Gold prices will rally much higher in the next 5 years. Jim Sinclair’s initial target of $3,500 seems very likely by 2016 – 2019. If the powers-that-be choose hyperinflation to deal with their massive debts, then much higher prices are “in play.” There are many other options. For example, if you don’t trust or like gold, a bank will pay you 1% interest each and every year if you invest in a Certificate of Deposit.
Tag: economic analysis
The end game will be an economic collapse and the destruction of our current monetary system. However, countries and individuals that have reduced their dependence on fiat currencies and have followed a policy of sound money that includes holding physical gold will survive this coming crisis.
The second Advisory Board meeting of Incrementum Liechtenstein has taken place, in which all relevant and important topics for gold investors have been discussed.The economic situation and China in particular, a monetary policy update, the geopolitical situation, a stock market review, and precious metals and miners market update.
I believe prices may correct before they move higher due to safe-haven buying as financial market concerns reemerge amid an escalation of geopolitical tensions.
From the latest In Gold We Trust report: We expect that financial repression as well as wealth taxes in various facets will increasingly gain in importance in coming years. We believe this to be a disastrous strategy, as the redistribution will merely buy time, while the structural problems remain unsolved.
You see these strange massive selling sprees of gold in the cash market. That’s not the way an investor usually would sell. That’s a good way to lose money. Those sellings there clearly were intended by someone to drive the price of the precious metals lower, and you look at who has the biggest interest there and get a pretty good idea where the purchase’s coming from. You may have further of that but the long term trend here is to the upside. Gold is the only investment class, only asset class that has held its value, its purchasing power over the millennium.
As we approach the 100th anniversary of the start of World War I, the (non-mainstream) media is starting to talk about the parallels between then and now. Could it be true that there are similarities? This article discusses some of the intriguing and disturbing parallels between the period just prior to WWI and today. Understanding these parallels is of utmost importance, not only because the events leading up to WWI are also the indirect cause of the Second World War, but they are important to understand the similar problems we could be facing today.
With slowing growth and rising inflation, I wonder what central bankers will do next. So far, all they have done is create an ocean of credit that is acting as a lifeline to bankrupt countries and financial institutions. And, if the central banks stop printing, these institutions will be in serious trouble. On the other hand, the inflationary effects of their monetary policy are starting to be felt all over the world. So if central banks keep printing, they will do even more damage to their currencies and anyone who uses them. I am very happy that I own physical gold and silver.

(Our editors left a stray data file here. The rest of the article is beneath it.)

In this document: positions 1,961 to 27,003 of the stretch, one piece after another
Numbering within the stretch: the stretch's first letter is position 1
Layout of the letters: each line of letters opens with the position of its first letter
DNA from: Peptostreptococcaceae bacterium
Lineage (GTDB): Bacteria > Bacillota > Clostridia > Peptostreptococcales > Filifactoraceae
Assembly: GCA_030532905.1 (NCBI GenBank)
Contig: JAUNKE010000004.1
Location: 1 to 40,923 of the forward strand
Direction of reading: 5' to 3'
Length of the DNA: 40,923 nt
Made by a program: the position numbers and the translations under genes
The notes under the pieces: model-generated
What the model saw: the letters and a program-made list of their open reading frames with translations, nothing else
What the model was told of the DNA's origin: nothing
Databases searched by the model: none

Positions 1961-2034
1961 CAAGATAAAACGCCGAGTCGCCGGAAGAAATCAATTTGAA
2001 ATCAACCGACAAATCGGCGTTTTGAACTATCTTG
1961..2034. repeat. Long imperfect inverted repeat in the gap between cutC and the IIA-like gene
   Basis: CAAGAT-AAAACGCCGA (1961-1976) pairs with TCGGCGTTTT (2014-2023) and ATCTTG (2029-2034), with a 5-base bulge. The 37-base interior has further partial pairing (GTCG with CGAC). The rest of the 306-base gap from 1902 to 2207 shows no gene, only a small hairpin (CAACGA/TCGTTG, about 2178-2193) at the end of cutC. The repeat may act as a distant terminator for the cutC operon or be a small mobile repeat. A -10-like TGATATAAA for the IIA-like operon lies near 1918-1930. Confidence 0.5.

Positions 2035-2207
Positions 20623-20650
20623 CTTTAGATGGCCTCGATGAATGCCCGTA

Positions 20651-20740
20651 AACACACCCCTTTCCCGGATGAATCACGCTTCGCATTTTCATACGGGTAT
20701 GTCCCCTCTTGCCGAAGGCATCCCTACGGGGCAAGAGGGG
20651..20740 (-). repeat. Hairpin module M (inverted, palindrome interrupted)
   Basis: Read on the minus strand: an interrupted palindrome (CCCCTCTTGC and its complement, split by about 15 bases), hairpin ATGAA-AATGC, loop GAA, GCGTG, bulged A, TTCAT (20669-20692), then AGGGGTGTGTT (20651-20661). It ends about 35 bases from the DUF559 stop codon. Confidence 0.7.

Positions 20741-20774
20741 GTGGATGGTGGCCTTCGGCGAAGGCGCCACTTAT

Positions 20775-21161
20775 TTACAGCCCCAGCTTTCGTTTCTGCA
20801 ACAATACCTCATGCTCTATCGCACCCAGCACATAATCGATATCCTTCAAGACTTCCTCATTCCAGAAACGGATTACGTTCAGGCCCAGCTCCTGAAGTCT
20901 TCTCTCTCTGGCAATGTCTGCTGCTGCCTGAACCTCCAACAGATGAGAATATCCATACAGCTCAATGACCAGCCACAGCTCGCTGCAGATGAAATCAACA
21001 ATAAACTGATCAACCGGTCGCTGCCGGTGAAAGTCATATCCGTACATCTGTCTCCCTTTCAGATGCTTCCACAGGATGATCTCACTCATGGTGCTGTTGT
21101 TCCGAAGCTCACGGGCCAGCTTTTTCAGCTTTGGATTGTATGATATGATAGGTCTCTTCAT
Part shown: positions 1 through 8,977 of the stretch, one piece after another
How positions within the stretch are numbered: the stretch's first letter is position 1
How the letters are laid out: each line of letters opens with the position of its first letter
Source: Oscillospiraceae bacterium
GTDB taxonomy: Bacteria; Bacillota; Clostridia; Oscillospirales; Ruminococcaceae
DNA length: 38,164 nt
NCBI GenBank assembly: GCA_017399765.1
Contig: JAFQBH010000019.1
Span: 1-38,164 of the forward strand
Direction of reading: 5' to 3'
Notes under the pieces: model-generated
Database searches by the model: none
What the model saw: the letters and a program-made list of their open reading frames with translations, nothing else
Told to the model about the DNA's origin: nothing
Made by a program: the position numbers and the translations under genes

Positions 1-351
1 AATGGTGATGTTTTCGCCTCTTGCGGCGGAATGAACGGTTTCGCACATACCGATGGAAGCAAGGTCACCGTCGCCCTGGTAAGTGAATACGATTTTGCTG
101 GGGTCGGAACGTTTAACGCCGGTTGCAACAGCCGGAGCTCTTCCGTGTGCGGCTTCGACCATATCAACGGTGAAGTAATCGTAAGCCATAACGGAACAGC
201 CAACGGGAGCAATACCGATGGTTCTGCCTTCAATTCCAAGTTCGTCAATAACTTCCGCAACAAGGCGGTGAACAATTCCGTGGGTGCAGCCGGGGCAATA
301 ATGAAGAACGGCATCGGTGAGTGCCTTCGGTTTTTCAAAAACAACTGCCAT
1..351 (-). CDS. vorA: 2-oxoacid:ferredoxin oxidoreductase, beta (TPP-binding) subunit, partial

The US GDP per capita vs gold ratio expresses the economic output per capita in gold, in other words in “real money.” It is interesting to observe that the US is currently generating economic output at the low end of long term standards. It is also interesting to observe that this period of time is similar to the ones in the 30ies (the Great Depression). Maybe that latter sheds some light on the “unreal” feeling that most people have in today’s economy.
Governments, such as the United States, United Kingdom, Europe, and Japan, spend their paper currencies as if tomorrow will never come. They act as if they believe debts can increase forever, more money will always be available, and debts can be rolled over forever. A recent US vice-president even stated that “deficits don’t matter.” Such economic sins may help the financial elite but they ultimately hurt most people and most economies.
The newest edition of the annual In Gold We Trust report is out. This eight edition goes again to the heart of gold’s value and analyzes the yellow metal as a monetary asset rather than an industrial commodity. The In Gold We Trust 2014 report takes a sober look at the big picture in the monetary system and offers a holistic analysis of the gold sector.
As I started writing in these pages in 2014, inflation is becoming a real problem in America. Years ago, I started writing about how all this money the Federal Reserve is creating out of thin air would become inflationary. That’s exactly what is starting to happen now. I have said it many times before: inflation in the U.S. economy is going to be a major problem. Gold is the best hedge against inflation. That’s why it’s an important part of any investment portfolio.
In a break from a thematic undertone to link to gold and silver, here are some ramblings that are more underpinnings to the core problems that have left people unfocused and dealing with symptoms, no matter how they may seemingly appear to be core issues.
In an excellent video presentation, Claudio Grass, Managing Director at Global Gold Switzerland, explains why a crash of the financial and monetary system seems inevitable. The presentation covers all actual issues like currency wars, rigged markets, central bankers’ interventions, statistics manipulation, monetary mismanagement and financial repression. Claudio Grass does an outstanding job “connecting these dots” but in a factual way.